ITHACA, N.Y. — East Green Street will continue to be Ithaca’s main hub for intercity buses in the near term.

For the past several months, the city has been testing out having intercity buses — like Greyhound, New York Trailways and Shortline — pick up and drop off passengers on East Green Street by Urban Outfitters after the former bus depot at 710 W. State St. closed in October.

The vote by the Planning and Economic Development Committee on Wednesday will allow East Green Street to be used “indefinitely” until a new regional bus station opens. This comes after two resolutions allowing a pilot period to use the stop. Common Council still needs to vote on the resolution.

Along the way, the city has made some adjustments to the pick-up and drop-off area, after, as JoAnne Cornish, director of planning and development put it in a memo to PEDC, there was “mass confusion” when the stop was first used in September 2018.

“We have, since then, been able to work out many of the issues,” she said. And this summer, with students largely gone, the city has received few to no complaints about intercity bus operations, she said.

A Greyhound bus stops outside of Urban Outfitters on East Green Street on Thursday, Aug. 15. (Kelsey O’Connor/The Ithaca Voice)
A Greyhound bus stops outside of Urban Outfitters on East Green Street on Thursday, Aug. 15. (Kelsey O’Connor/The Ithaca Voice)

Some of the improvements to the bus stop include adding a Jersey barrier to keep Gadabout services from being affected and installing a bench in front of Urban Outfitters. The city is currently waiting on NYS DOT approval for bus lane painting, signage and curbs. Local TCAT buses have not been affected by the addition of intercity buses.

What else happened at Wednesday night’s PEDC meeting? Here’s a recap

All bus companies have not been happy with the change, however. In April, OurBus, a third-party bus broker that coordinates buses to and from Ithaca filed a lawsuit against the City of Ithaca after the city notified the company it would not renew its permit, according to the lawsuit. But, OurBus recently discontinued that lawsuit, according to a statement from Axel Hellman, co-founder and head of transportation planning for OurBus.

“Ourbus has discontinued its lawsuit and looks forward to a productive discussion with the city about how to move forward,” Hellman said in a statement. “We believe that the Green Street location is best for our clients and the bus lines that transport those clients. However, we are open to other locations downtown as long as they don’t cause an inconvenience for our clients and the bus lines. We are working directly with the city of Ithaca to identify options that will work for all involved.”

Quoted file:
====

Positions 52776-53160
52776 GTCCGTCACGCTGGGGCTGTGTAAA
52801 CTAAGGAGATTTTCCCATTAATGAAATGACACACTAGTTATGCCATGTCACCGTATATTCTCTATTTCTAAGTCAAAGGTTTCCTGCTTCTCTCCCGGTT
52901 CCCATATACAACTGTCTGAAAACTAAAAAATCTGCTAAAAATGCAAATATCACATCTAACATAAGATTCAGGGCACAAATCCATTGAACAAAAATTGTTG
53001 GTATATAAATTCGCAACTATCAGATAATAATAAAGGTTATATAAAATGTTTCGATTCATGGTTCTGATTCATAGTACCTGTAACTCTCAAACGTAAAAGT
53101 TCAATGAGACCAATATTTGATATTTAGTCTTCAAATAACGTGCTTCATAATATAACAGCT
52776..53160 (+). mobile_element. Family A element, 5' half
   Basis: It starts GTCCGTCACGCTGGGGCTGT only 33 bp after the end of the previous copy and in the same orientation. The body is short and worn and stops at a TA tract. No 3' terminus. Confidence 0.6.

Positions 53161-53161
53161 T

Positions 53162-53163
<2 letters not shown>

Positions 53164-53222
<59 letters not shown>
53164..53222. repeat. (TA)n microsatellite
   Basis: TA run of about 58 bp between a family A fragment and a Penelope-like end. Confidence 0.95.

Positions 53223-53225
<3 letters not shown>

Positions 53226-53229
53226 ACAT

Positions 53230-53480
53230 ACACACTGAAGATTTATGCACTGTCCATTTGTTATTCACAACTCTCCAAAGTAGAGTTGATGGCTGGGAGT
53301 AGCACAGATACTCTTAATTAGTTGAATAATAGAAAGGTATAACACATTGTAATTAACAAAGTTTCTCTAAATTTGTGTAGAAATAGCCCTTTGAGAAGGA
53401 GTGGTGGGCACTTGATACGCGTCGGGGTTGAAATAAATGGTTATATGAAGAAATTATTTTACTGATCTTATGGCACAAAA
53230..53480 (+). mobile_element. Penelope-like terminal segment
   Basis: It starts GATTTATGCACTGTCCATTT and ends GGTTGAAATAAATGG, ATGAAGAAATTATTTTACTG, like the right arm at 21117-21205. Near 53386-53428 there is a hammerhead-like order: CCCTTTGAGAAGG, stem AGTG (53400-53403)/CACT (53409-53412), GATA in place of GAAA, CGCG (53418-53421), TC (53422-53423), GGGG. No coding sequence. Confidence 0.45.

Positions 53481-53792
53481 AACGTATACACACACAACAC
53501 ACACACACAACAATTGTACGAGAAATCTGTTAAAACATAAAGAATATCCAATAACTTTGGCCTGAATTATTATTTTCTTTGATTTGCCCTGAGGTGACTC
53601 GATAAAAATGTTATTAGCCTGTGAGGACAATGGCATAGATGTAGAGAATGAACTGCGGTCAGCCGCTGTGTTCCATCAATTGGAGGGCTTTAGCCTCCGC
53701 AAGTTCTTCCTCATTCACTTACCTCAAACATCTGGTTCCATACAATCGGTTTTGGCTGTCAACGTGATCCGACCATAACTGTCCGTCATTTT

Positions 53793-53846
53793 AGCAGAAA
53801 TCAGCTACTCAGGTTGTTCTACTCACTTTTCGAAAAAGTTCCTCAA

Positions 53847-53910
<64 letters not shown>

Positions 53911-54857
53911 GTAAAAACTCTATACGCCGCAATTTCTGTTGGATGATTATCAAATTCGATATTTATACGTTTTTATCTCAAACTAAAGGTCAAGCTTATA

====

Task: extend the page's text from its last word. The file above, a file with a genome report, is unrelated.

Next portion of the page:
City Attorney Ari Lavine said because OurBus is a brokered service and not on a fixed schedule, it can pose a safety issue to have too many buses in the area at once unloading and loading passengers. However, he said the city is exploring alternative sites for a bus station.

“Nothing against OurBus in particular, but it’s about managing traffic flow and avoiding safety issues by unscheduled buses in the area,” Lavine said.

Though there is a permit fee for bus operators, dealing with the bus stop issue has so far been costly for the city, which has had to remove paid parking spaces, dedicate a large amount of staff time, and defend a lawsuit. “The costs of operating the bus area probably greatly exceed the permit fees.” In the resolution discussed Wednesday, the fee increased to $15 per bus arrival or departure.

Though the resolution contains the phrase “indefinitely,” the bus stop on East Green Street is still not a permanent solution. The city will continue to pursue options for a permanent location for an intercity transportation depot.

Kelsey O'Connor

Kelsey O'Connor is the managing editor for the Ithaca Voice. Questions? Story tips? Contact her at koconnor@ithacavoice.com and follow her on Twitter @bykelseyoconnor.